# A B C D E F G H I J K L M N O P Q R S T U V W X Y Z

Miscellaneous - December 2011

  by Benjamin Howarth

published: 26 / 11 / 2011

Miscellaneous - December 2011


In his 'Condemned to Rock 'n' Roll' column Ben Howarth examines Darren Hayman's ten inch vinyl EP, 'Christmas in Haworth', and online musical advent calendar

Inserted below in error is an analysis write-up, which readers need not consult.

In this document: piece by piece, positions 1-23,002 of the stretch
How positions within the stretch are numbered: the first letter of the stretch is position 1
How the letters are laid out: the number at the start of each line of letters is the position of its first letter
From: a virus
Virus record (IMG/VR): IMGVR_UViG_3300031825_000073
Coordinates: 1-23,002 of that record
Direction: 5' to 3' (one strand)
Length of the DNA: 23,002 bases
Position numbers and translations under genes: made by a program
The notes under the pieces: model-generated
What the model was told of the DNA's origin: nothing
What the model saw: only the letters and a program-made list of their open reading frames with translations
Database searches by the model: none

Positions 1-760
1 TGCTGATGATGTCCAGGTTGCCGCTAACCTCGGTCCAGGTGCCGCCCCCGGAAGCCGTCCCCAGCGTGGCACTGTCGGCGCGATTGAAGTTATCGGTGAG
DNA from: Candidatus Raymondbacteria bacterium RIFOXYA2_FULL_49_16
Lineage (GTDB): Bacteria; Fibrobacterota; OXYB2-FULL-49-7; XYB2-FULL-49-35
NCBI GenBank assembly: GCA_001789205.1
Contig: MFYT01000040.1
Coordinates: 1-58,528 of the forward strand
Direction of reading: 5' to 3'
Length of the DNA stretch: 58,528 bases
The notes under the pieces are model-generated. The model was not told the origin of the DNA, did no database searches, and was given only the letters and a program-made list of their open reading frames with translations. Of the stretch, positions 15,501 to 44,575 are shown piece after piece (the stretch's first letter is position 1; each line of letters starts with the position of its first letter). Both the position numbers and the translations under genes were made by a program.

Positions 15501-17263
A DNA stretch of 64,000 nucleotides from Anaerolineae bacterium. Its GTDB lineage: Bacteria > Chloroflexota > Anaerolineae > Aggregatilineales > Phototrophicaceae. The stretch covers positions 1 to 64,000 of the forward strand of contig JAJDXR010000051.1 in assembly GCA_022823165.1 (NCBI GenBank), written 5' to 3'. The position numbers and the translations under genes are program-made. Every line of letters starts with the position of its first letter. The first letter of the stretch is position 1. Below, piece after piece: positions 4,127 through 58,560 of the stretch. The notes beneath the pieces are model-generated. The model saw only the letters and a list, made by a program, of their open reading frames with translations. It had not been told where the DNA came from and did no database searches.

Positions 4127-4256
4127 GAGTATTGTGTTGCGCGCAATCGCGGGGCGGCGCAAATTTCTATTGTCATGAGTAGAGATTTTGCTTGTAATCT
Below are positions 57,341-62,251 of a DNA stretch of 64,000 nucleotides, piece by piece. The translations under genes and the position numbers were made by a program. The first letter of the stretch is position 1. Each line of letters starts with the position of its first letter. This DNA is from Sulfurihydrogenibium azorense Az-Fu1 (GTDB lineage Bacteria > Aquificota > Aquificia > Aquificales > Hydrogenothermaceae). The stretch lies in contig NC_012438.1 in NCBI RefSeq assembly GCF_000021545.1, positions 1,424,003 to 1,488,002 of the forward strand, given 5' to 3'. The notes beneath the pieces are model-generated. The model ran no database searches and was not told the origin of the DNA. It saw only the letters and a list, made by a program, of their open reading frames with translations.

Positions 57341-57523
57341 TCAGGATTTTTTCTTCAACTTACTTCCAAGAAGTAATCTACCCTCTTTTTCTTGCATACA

Ah, Christmas. There are so many noises that can only come from this merry season - the pop of uncorked wine, the bleepety-bleep of breached credit limits, the crunch of broken bauble on unsocked feet and the silence as office party small talk quickly runs dry. But where is the music? I own hundreds of records and CDs, as no doubt you do too. But how many are appropriate to play while presents are wrapped, potatoes are roasted and Brussels are sprouted? I would wager that less than 0.01 per cent of the average record collection is suitable Christmas material. Plenty of bands have tried Christmas songs over the years, but too few offer anything you would want to hear more than once. After a barren 60s, when no Christmas themed songs topped the charts, the 70s constituted a brief golden age. Slade and Wizzard battled it out for the top spot in 1973, before Mud did their best Elvis impression on ‘Lonely This Christmas’ a year later. By the end of that decade, notions of cool had returned to ruin the chart, and Pink Floyd were inexplicably at Number One in 1979. The 80s saw Christmas songs back in fashion, but the standard had dipped. By the 90s, Christmas novelty had been replaced by songs aimed directly at toddlers (Mr Blobby and Bob The Builder), although East 17 did at least have the decency to sprinkle ‘Stay Another Day’ with sleigh bells in 1994. Only one Christmas song has topped the charts since, and even that was just a remake of Band Aid. Luckily, it has becoming increasingly common for those of the margins of popular music to step into the gap in the Christmas market. And 2011 might just prove to be a vintage year. I’ve recently replaced the stylus on a hand-me-down record player, just in time to listen to Darren Hayman’s new 10” vinyl EP 'Christmas In Haworth'. Written and recorded a year ago when Hayman, his wife and his dog spent a White Christmas in the Yorkshire village of the Brontës, it’s a much a record about winter as it is about Christmas. But it has bells on it, and it sounds warm, fuzzy and festive. It’s not the sound of secret Santas or manic high street shopping trips, but of a quiet family Christmas. It caps what has been a very good year for Hayman (see our Albums of the Year list). The songs on this EP take his stock of brand new songs released in 2011 past the half-century mark, which obviously wasn’t quite enough, because he is ‘promoting’ the EP with an online advent calendar that promises fifty new Christmas songs. Already, we’ve been able to help ourselves to Hayman’s own take countrified take on 'Blue Christmas', complete with a David Tattersall guitar solo; the Wave Pictures covering Dean Martin’s 'Christmas Blues'; and (probably the major talking point so far) the first ever recorded song from comedian Josie Long. But, for me, the real pleasure has come from gift-wrapped new bands. Owl and Mouse sound a little like Allo Darlin’ (a happy kind of sad, on ukulele) while Ralegh Long’s piano ballad has a hint of late period Prefab Sprout. There doesn’t seem to be any kind of agenda in the selection of who gets to be part of this Advent calendar. They are just bands that either Hayman or his partners-in-crime at Fika Records know and like. It’s a bit like being let into someone’s Christmas party, one with lots of guitars, ukuleles and sleigh bells. Meanwhil, one of the songs from Hayman’s 'Christmas In Haworth' EP reappears on the 'For Folk’s Sake Christmas' compilation, which raises money for a cancer charity. This is the second year they have done this, and while none of this year’s songs quite matches Sam Airey’s beautiful version of 'In the Bleak Midwinter' from last year, many come close. Much of the music here is sad, or at least nostalgic. That often seems to be the key to the best Christmas music – drop the false jollity, and focus on the sadness. Some of my old favourites crop up (Kathryn Williams, the Leisure Society and Devon Sproule) alongside new names who need deeper investigation (Paper Aeroplanes and Fiona Bevan). If a rolling loop of 'Merry Xmas Everybody' and 'Driving Home for Christmas' has finally got too much, these are the songs to turn to. Find Darren Hayman’s EP and Advent Calendar here: http://www.fikarecordings.com/christmasinhaworth/ And 'For Folk’s Sake It’s Christmas 2011' here: http://forfolkssake.bandcamp.com/

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